The advantage of having efficient functional airports to any country cannot be overestimated. Airports are the gateway to the globalised world. They are absolutely interconnected - means no country can act in isolation in matters related to airport security. This implies any lapses in airport security in country ‘A’ would be a threat to country ‘B’ or some other country elsewhere. Terrorism has no boundaries in this contemporary world. The impact of terrorism is all-pervasive. They proved it with a significant and unprecedented manner by way of attacking World Trade Centre in New York on 11 September 2001 (9/11 attack).
Prof. Paul Wilkinson, British terrorism expert, once made an excellent remark – “fighting terrorism is like being a goalkeeper. You can make a hundred brilliant saves but the only shot that people remember is the one that gets past you”. Security professionals know the value of this maxim more than anyone else. Soon after the 9/11 attack launched by Al-Qaeda, almost all airports in the world (and in the US) strengthened its security. This is due to the fear of a domino effect. Since then much has been done, and much money has been spent.
However one needs to pose the question: Does these security measures make us safe now than we were before 9/11?
I do not intend to discuss the modus operandi of the well-orchestrated terrorist attacks or the mechanisms used by terrorists. But I need you to be placed in their shoes for a while. Any terrorist organisation needs recognition. One of the best tools in achieving this is by way of effective propaganda. Propaganda is essential to achieve the long-term strategy or cause of any terrorist group. The nature and the glamour of a terrorist attack, James-Bond type, will automatically be given a blaze of publicity. This is absolutely true in the light of suicide terrorism. Nearly impossible to thwart once launched, a suicide terrorist attack is one of the most difficult forms of terrorism to counter. Thus it needs to be identified beforehand and must be nipped in the bud. Given the consideration to much wider readership, journalists are eager to write on terror-stricken attacks, rather suicide terrorism which is unequivocally the most brutal in nature. By and large, that’s the job of a journalist.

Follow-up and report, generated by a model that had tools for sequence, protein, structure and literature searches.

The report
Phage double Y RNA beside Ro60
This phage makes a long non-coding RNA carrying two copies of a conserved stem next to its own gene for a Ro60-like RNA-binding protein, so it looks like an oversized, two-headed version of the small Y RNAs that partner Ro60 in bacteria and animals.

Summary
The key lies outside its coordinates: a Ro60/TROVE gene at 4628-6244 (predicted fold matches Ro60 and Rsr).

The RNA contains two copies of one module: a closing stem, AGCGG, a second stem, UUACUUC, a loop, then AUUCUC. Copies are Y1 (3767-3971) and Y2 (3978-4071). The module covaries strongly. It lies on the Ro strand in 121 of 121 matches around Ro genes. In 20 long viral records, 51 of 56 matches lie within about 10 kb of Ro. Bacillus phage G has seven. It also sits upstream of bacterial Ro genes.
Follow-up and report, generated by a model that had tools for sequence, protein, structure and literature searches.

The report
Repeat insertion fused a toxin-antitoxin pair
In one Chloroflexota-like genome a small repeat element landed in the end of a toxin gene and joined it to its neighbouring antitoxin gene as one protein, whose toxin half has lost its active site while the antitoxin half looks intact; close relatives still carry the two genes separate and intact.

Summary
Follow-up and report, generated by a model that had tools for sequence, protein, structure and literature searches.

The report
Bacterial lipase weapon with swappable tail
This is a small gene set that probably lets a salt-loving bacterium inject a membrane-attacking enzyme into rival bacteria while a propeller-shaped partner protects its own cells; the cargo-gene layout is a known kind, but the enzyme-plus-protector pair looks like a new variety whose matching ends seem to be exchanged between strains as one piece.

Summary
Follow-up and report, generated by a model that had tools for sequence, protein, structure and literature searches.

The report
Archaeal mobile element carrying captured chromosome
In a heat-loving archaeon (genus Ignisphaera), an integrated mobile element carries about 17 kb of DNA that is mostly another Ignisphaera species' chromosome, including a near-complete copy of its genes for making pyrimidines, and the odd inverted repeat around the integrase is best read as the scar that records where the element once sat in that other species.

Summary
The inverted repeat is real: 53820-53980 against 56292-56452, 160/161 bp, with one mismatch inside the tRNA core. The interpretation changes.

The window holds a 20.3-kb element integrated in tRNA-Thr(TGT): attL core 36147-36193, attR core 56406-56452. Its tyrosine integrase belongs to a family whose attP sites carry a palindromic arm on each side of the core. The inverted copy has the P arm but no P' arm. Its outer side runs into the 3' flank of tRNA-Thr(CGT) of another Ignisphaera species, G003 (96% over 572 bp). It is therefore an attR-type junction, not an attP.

There is a psychological factor which goes beyond the material damage caused by a terrorist attack. When terrorist acts occur, people generally look for ways to cope with the acute stress and trauma. These are the long-term repercussions. Needless to say, the hijacking of a commercial flight with hundreds of passengers, or use it for a suicide mission equivalent of 9/11 attack, will certainly create a big hue and cry globally. The tsunami killed more than 230,000 people in 14 countries whereas the 9/11 attack killed just over 3000 people which is a very low figure in comparison with the former. Nevertheless, the publicity given to the 9/11 attack has been enormous. A plethora of books and articles have been written on the 9/11 attack. Avalanche of counter-terrorism strategies have been formulated by security experts and think-tanks. This is the power and secret behind the art and glamour of attack. The tact and means, articulation of the attack, used to achieve the target matters.
Let that be a lesson to us.